AM Technical Profile: WZKD

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Frequency:
950
Format:
Adult R&B
Transmitter Location:
[map] [bird's eye] [goKML aerial] Northwest of Montgomery, north of Wares Ferry Road along rural Riverside Drive.  Co-located with WMSP.
Power (ERP):
Day: 1 kW
Night: 45 watts
Antenna:
Day & night: 1 tower, omnidirectional
Other Information:
0.5 mV/m Daytime Groundwave Service Contour from the FCC's Public Files
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[Image] RDS display data for the FM translator, as shown on a Mazda OEM stereo, from 2020.

Owned by Autaugaville Radio

// W231DF Montgomery
// WKXN Fort Deposit
// WKXK Pine Hill
// W296DZ Troy
// WXKD Brantley

RDS logo :

PS-
The Big KD 94.1 WZKD
Time-
[?]
Text-BIG KD 94.1 #1 FOR SOUTHERN SOUL R&B
PTY-Rhythm and Blues
PI-[?]

History:
Ralph M. Allgood and Grover Wise (as Southland Broadcasting) applied for a new AM station license in late August 1951.  The FCC granted the application in August 1952, for a station on 950 kHz, with 500 watts, daytime only.  The calls assigned were WRMA, either for Radio Montgomery Alabama or Ralph M. Allgood.  When it signed on in May 1953, it was transmitting with 1,000 watts, using a Gates BC-1F transmitter, from a site off Bowman Street Ext, on what is now the Gateway Park baseball fields just east of I-65 in Montgomery.  The studios were located at 30 North Lawrence Street in downtown Montgomery. The station debuted with a black-oriented format; Southland also owned Atlanta's R&B giant WAOK.  The studios moved to 135 Commerce Street in the mid-50's.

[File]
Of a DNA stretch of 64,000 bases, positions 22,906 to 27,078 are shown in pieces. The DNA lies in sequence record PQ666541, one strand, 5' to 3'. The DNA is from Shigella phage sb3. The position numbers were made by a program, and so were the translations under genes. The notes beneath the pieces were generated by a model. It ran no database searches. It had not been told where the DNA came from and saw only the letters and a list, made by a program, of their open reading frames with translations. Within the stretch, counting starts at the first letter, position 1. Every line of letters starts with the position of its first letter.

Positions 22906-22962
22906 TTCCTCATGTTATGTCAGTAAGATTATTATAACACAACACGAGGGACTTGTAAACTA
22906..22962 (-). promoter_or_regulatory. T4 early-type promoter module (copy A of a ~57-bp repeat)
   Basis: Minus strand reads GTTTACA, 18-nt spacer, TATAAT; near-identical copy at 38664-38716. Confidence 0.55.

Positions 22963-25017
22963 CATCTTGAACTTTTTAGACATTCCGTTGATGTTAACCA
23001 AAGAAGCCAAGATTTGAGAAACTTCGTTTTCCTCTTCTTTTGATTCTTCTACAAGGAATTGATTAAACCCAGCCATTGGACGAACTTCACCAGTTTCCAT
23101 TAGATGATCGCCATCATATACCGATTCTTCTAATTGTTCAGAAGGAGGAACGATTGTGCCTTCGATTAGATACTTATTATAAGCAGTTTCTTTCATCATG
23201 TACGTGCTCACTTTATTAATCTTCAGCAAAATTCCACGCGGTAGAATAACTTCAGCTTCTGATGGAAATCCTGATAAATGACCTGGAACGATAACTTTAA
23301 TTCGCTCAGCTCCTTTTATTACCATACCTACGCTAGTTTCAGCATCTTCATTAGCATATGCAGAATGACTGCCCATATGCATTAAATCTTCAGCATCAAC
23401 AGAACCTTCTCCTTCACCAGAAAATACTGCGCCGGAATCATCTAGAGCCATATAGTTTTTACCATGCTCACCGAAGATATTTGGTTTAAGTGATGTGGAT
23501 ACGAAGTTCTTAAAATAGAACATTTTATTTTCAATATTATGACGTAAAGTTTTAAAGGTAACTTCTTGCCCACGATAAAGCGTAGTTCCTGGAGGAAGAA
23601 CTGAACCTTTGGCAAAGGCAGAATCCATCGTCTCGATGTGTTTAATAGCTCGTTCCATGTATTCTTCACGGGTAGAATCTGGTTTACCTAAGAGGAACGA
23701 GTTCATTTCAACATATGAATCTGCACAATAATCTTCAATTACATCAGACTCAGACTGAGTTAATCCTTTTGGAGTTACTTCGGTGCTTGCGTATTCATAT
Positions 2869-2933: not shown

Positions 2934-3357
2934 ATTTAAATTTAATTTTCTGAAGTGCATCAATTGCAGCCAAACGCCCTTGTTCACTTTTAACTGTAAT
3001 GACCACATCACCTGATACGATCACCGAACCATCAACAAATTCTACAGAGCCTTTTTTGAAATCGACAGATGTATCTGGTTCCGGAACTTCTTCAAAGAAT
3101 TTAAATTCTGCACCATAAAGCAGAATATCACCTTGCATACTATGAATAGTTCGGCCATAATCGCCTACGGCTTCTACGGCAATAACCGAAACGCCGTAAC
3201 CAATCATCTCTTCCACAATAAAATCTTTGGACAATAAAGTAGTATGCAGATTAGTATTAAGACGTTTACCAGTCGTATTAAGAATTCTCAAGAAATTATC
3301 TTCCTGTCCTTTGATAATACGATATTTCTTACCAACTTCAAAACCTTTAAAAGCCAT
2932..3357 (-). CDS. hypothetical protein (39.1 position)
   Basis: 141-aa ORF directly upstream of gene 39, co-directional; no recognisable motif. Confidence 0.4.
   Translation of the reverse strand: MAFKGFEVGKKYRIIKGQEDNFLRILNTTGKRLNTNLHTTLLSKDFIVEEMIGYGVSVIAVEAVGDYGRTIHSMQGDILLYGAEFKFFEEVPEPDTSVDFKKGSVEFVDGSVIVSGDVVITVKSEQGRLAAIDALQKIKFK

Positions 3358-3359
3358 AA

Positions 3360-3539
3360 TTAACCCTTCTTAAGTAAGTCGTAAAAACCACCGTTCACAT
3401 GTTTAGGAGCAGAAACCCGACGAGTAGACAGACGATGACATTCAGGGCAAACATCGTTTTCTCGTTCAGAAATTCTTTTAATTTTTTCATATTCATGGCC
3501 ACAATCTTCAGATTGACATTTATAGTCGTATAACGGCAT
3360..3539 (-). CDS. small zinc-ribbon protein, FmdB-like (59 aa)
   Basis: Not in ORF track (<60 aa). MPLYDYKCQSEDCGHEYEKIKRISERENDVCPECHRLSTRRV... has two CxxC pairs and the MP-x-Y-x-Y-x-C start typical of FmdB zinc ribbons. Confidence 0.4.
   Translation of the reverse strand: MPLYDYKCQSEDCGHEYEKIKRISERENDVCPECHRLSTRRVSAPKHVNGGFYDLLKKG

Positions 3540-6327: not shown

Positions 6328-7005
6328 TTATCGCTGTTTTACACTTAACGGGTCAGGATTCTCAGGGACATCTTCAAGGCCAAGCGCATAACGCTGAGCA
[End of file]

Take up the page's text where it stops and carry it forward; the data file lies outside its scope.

It appears that the FCC filed a Show Cause order to the station in 1960 over allegations of payola; the FCC records do not indicate an outcome to this inquiry.  The station was hit again in 1963 when a petitioner representing KPRC in Houston filed requesting the station cease operating prior to local sunrise time.  Again, it's unclear what the outcome of this action was.

The station applied for nighttime service in 1968.  While the daytime site would remain off Bowman Street, the new directional nighttime array would be located on Lower Wetumpka Road, adjacent to the Union Academy Church.  Once again, someone petitioned the FCC over the station's action, this time Sparling of Alabama (owners of 1600 WXVI in Montgomery) filed to oppose the nighttime operation.  This opposition was not granted, however, and the FCC approved the nighttime facility in 1971. 

Through the first half of the 70's, the station evolved into a mixed R&B/Top 40 format.  Radio Montgomery (then-owners of WMGY and FM WAJM/WMGZ) sold their FM outlet to WRMA in the mid-70's. They'd turn it into an Easy Listening station as 103.3 WREZ.  This station, meanwhile, ditched the R&B to go straight ahead with Top 40.

The station was acquired by Brien Broadcasting Corporation (Cleve J. Brien, President) in 1977.  Under their ownership, the station flipped to a full Rock format as WLSQ.  Those call letters and their "95 Rock" slogan were supposedly a tribute to Chicago's legendary WLS radio.  The timing was notable as the city's FM rock stations had all recently abandoned rock for top 40, stranding the rock audience.